Give Athletes Better Vision Shot a at Better Vision
Whether they shoot foul shots or target rifles, your athletic patients require the best vision to stay at the top of their game.
Release Date: May 2012
Expiration Date: May 1, 2015
Optometrists can provide targeted visual
assessment, unique refractive options and even sports vision
training to help athlete patients achieve peak performance. This
article examines the visual skills that are most pertinent to your
athletic patients, as well as reviews the best vision-correction
options for athletes who participate in a variety of different sports.
Graham B. Erickson, O.D.
This course is COPE-approved for 1 hour of CE credit. COPE ID is 34635-GO. Please check your state licensing board to see if this approval counts toward your CE requirement for relicensure.
This continuing education course is joint-sponsored by the Pennsylvania College of Optometry.
Dr. Erickson is a paid consultant to Nike, Inc.
Good vision is a critical factor in sports performance,
because visual information
is the dominant sensory system when performing practically
any perceptual-motor task.1-4 Some researchers contend that
athletes possess superior visual
systems that allow them to see and
process critical visual information
more effectively than "non-athletes" and novice athletes.4-7 Others, however, argue that athletes do
not possess superior visual system
physiology, but that elite athletes
are able to use available visual
information more efficiently than
novices in a competitive sports
In either case, optometrists can
provide targeted visual assessment,
unique refractive options and even
sports vision training to help these
patients achieve peak performance.
Here, we'll examine the visual
skills that are most pertinent to
your athletic patients, as well as
discuss the best vision-correction
options for athletes who participate in a variety of different sports.
What is Sports Vision?
The term "sports vision" has
been used to describe a host of eye
care services that are provided to
athletes. Practitioners working in
this area usually are involved with
one or more of the following
- Prevention and management of
sports-related eye injuries.
- Assessment and remediation of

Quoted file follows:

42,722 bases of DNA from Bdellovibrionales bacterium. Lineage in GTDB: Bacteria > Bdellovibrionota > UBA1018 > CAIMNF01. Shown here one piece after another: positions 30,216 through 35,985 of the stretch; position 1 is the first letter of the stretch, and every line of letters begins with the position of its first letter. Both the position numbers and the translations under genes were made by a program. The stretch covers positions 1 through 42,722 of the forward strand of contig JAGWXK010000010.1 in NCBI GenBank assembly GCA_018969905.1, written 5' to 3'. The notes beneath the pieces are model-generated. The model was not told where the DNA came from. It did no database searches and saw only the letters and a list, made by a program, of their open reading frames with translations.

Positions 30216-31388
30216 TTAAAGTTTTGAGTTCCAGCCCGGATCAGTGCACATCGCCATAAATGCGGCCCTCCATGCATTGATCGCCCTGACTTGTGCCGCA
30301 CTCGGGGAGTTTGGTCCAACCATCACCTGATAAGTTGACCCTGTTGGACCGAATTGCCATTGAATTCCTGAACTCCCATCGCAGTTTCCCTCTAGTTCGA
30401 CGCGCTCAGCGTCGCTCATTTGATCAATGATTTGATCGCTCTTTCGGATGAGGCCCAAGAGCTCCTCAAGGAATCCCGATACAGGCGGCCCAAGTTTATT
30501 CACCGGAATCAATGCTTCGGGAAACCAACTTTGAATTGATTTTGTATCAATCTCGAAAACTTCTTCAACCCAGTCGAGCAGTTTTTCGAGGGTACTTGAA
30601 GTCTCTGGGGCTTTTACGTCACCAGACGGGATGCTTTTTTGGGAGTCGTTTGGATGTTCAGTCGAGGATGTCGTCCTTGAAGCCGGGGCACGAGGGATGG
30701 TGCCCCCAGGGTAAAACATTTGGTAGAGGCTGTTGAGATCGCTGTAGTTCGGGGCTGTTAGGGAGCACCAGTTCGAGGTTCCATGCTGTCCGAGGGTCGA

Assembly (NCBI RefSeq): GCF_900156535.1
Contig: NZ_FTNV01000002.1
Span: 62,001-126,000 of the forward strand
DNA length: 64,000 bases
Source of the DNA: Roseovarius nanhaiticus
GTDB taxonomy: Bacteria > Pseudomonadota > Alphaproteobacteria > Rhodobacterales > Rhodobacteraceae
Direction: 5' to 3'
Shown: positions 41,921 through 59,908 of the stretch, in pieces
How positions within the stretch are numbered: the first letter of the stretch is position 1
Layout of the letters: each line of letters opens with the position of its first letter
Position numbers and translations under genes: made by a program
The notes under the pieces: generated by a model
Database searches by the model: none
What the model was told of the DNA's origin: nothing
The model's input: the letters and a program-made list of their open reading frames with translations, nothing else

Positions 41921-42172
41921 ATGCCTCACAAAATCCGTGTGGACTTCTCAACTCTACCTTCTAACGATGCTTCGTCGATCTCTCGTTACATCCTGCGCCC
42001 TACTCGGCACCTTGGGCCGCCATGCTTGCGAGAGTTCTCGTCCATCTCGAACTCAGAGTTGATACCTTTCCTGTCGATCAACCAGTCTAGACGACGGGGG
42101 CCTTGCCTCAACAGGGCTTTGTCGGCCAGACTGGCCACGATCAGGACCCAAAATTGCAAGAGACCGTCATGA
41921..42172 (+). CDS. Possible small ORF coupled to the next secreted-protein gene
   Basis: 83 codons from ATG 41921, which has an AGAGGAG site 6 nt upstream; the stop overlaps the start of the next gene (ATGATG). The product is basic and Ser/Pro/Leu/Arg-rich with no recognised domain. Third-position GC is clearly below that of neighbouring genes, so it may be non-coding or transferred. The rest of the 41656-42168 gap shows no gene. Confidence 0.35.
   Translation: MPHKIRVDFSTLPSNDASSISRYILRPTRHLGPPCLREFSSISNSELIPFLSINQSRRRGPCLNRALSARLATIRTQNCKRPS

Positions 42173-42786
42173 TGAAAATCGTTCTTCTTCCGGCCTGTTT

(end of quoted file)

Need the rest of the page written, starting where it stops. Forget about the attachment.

functional vision deficiencies that
may negatively impact competitive
- Specialized contact lens services with emphasis on environmental
factors in sports, position of gaze
factors, emergency care and attainment of maximum visual acuity.
- Performance-based ophthalmic
eyewear services that address visual
and environmental demands.
- Assessment of specific sports-related visual abilities.
- Enhancement training of
specific visual abilities that are considered to be essential for competitive consistency in a specific
- Consultation with athletes,
coaches, trainers and teams regarding visual factors and strategies
related to consistent peak athletic
Most of our patients are active
participants in sports or recreational activities, and many of
these individuals are dedicated to
the pursuit of athletic excellence. A critical, but often neglected,
aspect of peak human performance
is optimal visual function. So, all
optometrists must consider visual
performance factors when providing one or more of the aforementioned services to athletic patients.
Evaluation of Visual
The vision and visual perceptual
skills identified as important for
sports performance include: static
and dynamic acuities, contrast
sensitivity, distance stereopsis,
span of perception, central eye-hand reaction and response speeds,
and peripheral eye-hand response
speed.11,12 Two extensive review
articles concluded that athletes
have demonstrated better visual
abilities than non-athletes, and that
top-tier athletes--those who are
most successful--often have visual